Dr. Eleanor McGlinchey is one of the two scholars who received a 2017 Christian Scholars Foundation Grant, given to ESN members who are junior faculty. In this interview, she talks about her research, how the CSF grant is supporting her work, and how her faith and her scholarly vocation fit together. Stay tuned for an interview with the other awardee soon. Click here to learn more about the 2018 CSF Grant and apply by March 15, 2018.
Biography for Eleanor McGlinchey
Eleanor (Ellie) McGlinchey, PhD, is an Assistant Professor in the School of Psychology at Fairleigh Dickinson University. She primarily teaches courses in the Clinical Psychology graduate program. Dr. McGlinchey received her BA from Temple University, where she majored in both psychology and religion, and her PhD in clinical science from the University of California, Berkeley. She completed her clinical psychology internship at Albert Einstein College of Medicine/Montefiore Medical Center, and a Research Fellowship at New York State Psychiatric Institute/Columbia University Medical Center.
Her current research interest is on developing psychosocial treatments for childhood and adolescent mood and anxiety disorders, with a focus on identifying biological markers of treatment response. Her research to date has centered on the role of sleep disturbance and circadian rhythm dysfunction as potential precipitating and maintaining mechanisms in mood and anxiety disorders.
Interview with Eleanor McGlinchey
1. ESN: Would you tell us a little bit about your field and specific area of study within that field?
Eleanor: The field I most closely identify with is psychology. However, my main area of study, sleep, has necessarily required some ventures outside of psychology, including biology, neurology and, most recently, immunology. Much of my work has focused on how changes in sleep have a direct impact on changes in emotion. I have been particularly interested in studying populations for whom emotion dysregulation is already a vulnerability and how lack of sleep may exacerbate that vulnerability. In graduate school, I studied how lack of sleep might have an impact on the emotional experiences of children and adolescents and how disruptions in sleep might affect adults with the mood disorder bipolar disorder. I have now shifted methods to study how increasing sleep through treatment for sleep disturbances like insomnia might have a positive impact in decreasing depression in adolescent struggling with this mood disorder.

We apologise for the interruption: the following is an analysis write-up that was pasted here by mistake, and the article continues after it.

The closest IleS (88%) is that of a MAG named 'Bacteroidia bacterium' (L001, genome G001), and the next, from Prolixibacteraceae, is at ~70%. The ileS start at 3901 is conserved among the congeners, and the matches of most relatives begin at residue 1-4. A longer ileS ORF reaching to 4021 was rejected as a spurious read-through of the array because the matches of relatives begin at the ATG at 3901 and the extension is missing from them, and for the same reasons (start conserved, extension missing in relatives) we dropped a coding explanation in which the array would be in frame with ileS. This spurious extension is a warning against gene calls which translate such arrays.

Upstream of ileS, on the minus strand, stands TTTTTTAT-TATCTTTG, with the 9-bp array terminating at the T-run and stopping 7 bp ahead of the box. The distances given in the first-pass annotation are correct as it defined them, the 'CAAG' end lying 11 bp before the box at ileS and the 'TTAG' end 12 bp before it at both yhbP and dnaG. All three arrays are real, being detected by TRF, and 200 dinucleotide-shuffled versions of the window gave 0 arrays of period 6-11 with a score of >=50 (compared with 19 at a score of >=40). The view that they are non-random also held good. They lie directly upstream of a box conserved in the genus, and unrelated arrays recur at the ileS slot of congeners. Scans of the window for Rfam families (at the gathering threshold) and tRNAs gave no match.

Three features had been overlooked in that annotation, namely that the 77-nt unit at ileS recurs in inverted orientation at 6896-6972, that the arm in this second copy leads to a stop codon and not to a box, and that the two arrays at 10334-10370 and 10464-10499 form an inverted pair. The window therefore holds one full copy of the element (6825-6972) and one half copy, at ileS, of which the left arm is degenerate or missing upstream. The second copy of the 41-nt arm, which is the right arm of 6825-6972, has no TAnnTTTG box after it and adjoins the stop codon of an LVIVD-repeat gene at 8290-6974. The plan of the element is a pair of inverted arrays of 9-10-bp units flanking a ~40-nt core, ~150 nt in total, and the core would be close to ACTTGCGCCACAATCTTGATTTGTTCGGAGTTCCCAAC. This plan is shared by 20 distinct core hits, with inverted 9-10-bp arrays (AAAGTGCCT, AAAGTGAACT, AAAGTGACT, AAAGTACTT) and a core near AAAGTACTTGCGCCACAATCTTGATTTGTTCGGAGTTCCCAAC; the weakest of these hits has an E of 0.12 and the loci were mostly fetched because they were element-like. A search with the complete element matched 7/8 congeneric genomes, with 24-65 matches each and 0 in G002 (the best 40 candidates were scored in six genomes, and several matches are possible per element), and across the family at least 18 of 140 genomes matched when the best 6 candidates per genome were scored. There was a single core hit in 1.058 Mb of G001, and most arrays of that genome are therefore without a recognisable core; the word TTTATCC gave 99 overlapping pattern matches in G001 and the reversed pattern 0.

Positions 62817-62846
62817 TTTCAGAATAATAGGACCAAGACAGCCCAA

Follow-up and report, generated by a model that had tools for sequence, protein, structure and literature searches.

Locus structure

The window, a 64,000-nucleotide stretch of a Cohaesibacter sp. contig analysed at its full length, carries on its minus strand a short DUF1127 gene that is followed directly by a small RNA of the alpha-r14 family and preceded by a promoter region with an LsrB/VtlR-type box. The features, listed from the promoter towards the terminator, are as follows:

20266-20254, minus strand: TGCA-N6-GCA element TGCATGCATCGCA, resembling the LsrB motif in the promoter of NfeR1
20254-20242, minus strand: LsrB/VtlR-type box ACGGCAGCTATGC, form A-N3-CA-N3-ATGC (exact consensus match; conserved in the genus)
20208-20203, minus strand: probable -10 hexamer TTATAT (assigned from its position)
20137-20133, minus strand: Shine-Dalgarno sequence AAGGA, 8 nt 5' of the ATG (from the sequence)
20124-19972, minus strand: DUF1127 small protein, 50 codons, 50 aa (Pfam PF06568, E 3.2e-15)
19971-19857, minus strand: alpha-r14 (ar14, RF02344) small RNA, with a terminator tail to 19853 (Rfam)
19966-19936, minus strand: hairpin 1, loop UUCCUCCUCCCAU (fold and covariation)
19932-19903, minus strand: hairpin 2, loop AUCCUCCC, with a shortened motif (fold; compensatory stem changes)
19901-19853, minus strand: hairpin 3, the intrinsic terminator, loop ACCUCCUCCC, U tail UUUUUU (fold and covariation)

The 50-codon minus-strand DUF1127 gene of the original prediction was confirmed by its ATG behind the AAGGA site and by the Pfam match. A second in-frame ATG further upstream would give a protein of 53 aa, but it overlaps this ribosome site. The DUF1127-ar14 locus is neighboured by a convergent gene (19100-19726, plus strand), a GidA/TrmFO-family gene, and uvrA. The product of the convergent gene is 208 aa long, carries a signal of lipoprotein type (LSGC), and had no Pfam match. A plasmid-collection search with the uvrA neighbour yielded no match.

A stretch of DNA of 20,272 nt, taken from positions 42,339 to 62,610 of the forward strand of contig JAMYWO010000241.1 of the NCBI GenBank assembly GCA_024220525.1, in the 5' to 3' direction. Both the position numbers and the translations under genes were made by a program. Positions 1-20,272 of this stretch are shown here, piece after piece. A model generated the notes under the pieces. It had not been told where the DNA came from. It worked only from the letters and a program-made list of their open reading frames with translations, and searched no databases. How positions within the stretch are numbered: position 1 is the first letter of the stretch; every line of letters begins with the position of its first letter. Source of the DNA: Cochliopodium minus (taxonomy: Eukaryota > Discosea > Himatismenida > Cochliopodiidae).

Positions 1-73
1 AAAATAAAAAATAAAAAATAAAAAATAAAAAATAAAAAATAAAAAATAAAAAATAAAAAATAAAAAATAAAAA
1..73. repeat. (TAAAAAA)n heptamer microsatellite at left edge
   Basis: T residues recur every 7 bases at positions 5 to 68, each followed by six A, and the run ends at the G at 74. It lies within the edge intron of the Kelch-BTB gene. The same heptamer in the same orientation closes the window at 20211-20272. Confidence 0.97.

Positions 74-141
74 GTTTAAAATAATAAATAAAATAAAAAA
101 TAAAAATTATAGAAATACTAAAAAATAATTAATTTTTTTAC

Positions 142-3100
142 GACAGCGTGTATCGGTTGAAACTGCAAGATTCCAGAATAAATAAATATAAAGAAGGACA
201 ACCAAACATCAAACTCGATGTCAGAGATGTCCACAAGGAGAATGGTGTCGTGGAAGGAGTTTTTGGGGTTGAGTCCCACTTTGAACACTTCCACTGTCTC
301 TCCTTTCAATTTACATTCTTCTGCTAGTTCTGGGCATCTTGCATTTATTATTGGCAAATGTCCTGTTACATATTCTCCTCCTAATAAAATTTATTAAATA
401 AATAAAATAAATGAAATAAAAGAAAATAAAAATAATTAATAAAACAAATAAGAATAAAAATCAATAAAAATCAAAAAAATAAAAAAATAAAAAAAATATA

2. Would you describe your Christian Scholars Foundation Grant project for our readers?
The goal of this research is to begin to delineate behavioral (sleep) and biological (inflammation) markers affecting treatment efficacy for adolescent depression. This study will also examine whether an evidence-based psychotherapy for adolescent sleep disturbance is an effective treatment for adolescent depression. A multi-method approach will be used to investigate whether sleep (circadian rhythm stability, sleep continuity, quality) is linked to markers of systemic inflammation (e.g., elevated cortisol and low melatonin [6-SM]), and whether inflammation predicts treatment response.
3. How does the Christian Scholars Grant support you in this work?
My goal is to be able to complete this small pilot study in order to apply for a larger grant. I am so grateful for the encouragement that the Christian Scholars Grant has provided to my work. With the support of the CSF grant, I am able to purchase some of the initial equipment that will allow me to complete the current study. In addition, my hope is that the equipment will also support ongoing research in my lab and for graduate students working with me.
4. This is a big question, but I know our readers will be interested in at least the short version of your answer to it. How does your faith influence your scholarship and teaching, and vice versa?
God has called me into an area of scholarship in which I seek to see one aspect of His good work, human mental health, redeemed. My current research focuses on how improving sleep (and rest) might lead to less depression during adolescence. Sleep is designed by God for human flourishing. Unfortunately, our 24/7 world has grossly undervalued sleep and much of the research on the importance of sleep is ignored. My faith is challenged in this environment and in the “why?” questions of my research every day, but God sustains me through His Word, His Church and most importantly, His Grace. My scholarly path has also led me the University where I currently conduct research and teach. I have been given unique opportunities to share my faith with colleagues who never would have thought that a fellow psychologist could believe that Jesus Christ died for her sins and that my peace ultimately comes from resting in Him. I will continue to pray for God’s grace and provision in my faith and work.
About the author:
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